This book takes the reader through and beyond the death of a beloved husband, friend, lover, and fellow spiritual seeker. It follows the struggle to live through loss, to find a way spiritually without religion, a conscious stumbling toward meaning. It is unique because of the beautiful and unconventional person I’ve lost; universal in its chronicling of the pain and love wrapped into care-taking, grieving, and the reconfiguring of a life without him. It braves one woman’s ongoing endeavor to reinvent her life without losing touch with her love for this beloved partner. I hope it speaks to others who must do the same.
This person I built a life with over 37 years was and is still the most lovable, unpredictable, brilliant, and stubbornly impractical person I’ve ever known.Being with him changed me; being without him changes me yet again.
Its title, Life with an Impossible Person; A Memoir of Love, Loss, and Transformation, reflects what makes it unique. This person I built a life with over 37 years was the most lovable, unpredictable, brilliant, and stubbornly impractical person I’ve ever known. Being with him changed me; being without him changes me yet again. The warmth of his laughter and humor combined with his childlike sense of wonder lit my capacity to taste more joy than I’d known possible. His spiritual longings woke a yearning in me I hadn’t known was there. The deeper communion he believed possible between two people moved me into an intimacy I’d never felt, and his unwavering search for Beauty, Truth, and a poetic vision rearranged my heart and soul. Living beside his non-conforming, non-materialistic view of life-in- the-world challenged my worldview.
Thirty-seven years of travel and upheaval were inspired by his conviction that there are “places on the planet” that are spiritually akin to each of us, that seeking one’s ideal place is necessary to creativity, belonging, and aesthetic accord. We spent years traveling and living abroad in search of our place.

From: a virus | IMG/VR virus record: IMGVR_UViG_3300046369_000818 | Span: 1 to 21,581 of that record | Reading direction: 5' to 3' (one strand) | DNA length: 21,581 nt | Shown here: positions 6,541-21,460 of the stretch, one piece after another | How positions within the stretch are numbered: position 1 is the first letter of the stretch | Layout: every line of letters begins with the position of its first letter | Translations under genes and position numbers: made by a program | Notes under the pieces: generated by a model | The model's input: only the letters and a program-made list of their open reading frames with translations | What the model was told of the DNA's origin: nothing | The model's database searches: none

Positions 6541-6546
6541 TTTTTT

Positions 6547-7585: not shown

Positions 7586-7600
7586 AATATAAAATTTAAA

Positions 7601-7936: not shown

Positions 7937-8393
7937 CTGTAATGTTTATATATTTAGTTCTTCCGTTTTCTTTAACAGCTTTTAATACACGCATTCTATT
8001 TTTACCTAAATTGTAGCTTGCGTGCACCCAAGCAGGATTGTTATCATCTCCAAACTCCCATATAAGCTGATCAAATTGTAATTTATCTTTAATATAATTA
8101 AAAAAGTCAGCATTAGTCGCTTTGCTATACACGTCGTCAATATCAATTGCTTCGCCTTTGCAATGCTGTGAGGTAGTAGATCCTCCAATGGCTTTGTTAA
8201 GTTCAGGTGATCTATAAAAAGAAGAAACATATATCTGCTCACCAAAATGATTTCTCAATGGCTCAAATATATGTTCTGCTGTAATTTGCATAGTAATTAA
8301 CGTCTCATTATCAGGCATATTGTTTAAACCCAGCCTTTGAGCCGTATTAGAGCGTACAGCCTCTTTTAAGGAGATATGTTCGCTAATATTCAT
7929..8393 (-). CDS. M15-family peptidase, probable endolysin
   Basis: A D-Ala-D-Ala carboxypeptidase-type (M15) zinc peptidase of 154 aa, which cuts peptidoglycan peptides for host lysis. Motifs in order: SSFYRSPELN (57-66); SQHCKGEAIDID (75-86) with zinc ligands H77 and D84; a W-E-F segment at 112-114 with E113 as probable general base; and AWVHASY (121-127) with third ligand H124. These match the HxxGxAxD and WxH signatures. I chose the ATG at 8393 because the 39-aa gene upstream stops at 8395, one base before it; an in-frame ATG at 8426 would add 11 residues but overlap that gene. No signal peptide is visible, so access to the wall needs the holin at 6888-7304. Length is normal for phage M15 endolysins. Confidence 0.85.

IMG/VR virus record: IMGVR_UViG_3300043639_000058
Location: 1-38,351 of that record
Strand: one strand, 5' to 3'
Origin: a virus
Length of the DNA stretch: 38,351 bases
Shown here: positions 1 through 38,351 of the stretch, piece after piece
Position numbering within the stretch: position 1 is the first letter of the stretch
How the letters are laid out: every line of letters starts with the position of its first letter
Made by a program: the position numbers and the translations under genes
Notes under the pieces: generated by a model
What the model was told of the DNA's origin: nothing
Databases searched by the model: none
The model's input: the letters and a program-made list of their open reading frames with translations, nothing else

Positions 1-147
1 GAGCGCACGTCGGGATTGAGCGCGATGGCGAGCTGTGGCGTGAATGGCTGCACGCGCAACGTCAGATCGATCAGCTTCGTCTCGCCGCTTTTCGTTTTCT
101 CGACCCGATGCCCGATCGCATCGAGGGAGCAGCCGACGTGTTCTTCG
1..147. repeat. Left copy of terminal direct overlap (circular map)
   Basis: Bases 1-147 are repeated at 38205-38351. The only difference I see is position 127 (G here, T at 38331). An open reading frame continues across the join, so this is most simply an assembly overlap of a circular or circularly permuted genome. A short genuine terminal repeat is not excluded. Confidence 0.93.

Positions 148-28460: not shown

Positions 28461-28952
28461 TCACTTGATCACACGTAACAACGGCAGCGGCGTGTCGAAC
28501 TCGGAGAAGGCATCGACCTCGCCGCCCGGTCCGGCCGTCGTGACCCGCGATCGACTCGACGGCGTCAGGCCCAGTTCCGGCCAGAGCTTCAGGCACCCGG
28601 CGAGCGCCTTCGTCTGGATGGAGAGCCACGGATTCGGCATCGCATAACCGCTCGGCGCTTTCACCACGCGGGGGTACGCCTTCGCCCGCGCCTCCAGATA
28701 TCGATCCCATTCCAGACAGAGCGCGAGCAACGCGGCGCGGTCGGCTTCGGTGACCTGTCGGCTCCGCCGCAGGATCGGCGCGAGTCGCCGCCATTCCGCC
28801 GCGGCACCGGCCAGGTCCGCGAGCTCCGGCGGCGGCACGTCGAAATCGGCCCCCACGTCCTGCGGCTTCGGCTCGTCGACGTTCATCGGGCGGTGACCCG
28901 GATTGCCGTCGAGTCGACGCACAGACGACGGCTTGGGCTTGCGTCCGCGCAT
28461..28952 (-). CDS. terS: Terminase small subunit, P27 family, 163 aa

Adopting a raw fruitarian diet, eating in harmony with biology and ethical and ecological responsibility often placed us outside the understanding of family and friends. A holistic and humane approach to living lightly influenced our choices related to diet, lifestyle, and wellness.
His struggle with panic attacks and anxiety humbled both of us and taught me to live with more courage and humility than I’d imagined possible.
I was challenged and enlightened by Philip up to the end of his life —the final three months spent at a fasting retreat in Costa Rica. His rejection of conventional medicine offers encouragement to readers wanting to swim upstream in search of non-conventional healing. Deciding to stop extraordinary measures of care when he was unable to make that decision for himself was the most horrible choice I’ve ever made, one to which some readers will painfully relate.
My journey through grief and the struggle to imagine a future without him is something those who experience loss will recognize. I hope to hold out an empathetic hand to others living through the death of a loved one. I also long to share the life-changing, life-enhancing effect this uncommon human being had and continues to have on me. The book explores the longing to believe in a love that transcends time and the body. Even as pain and grief render us weak and weary, the book holds out the hope that life and love continue.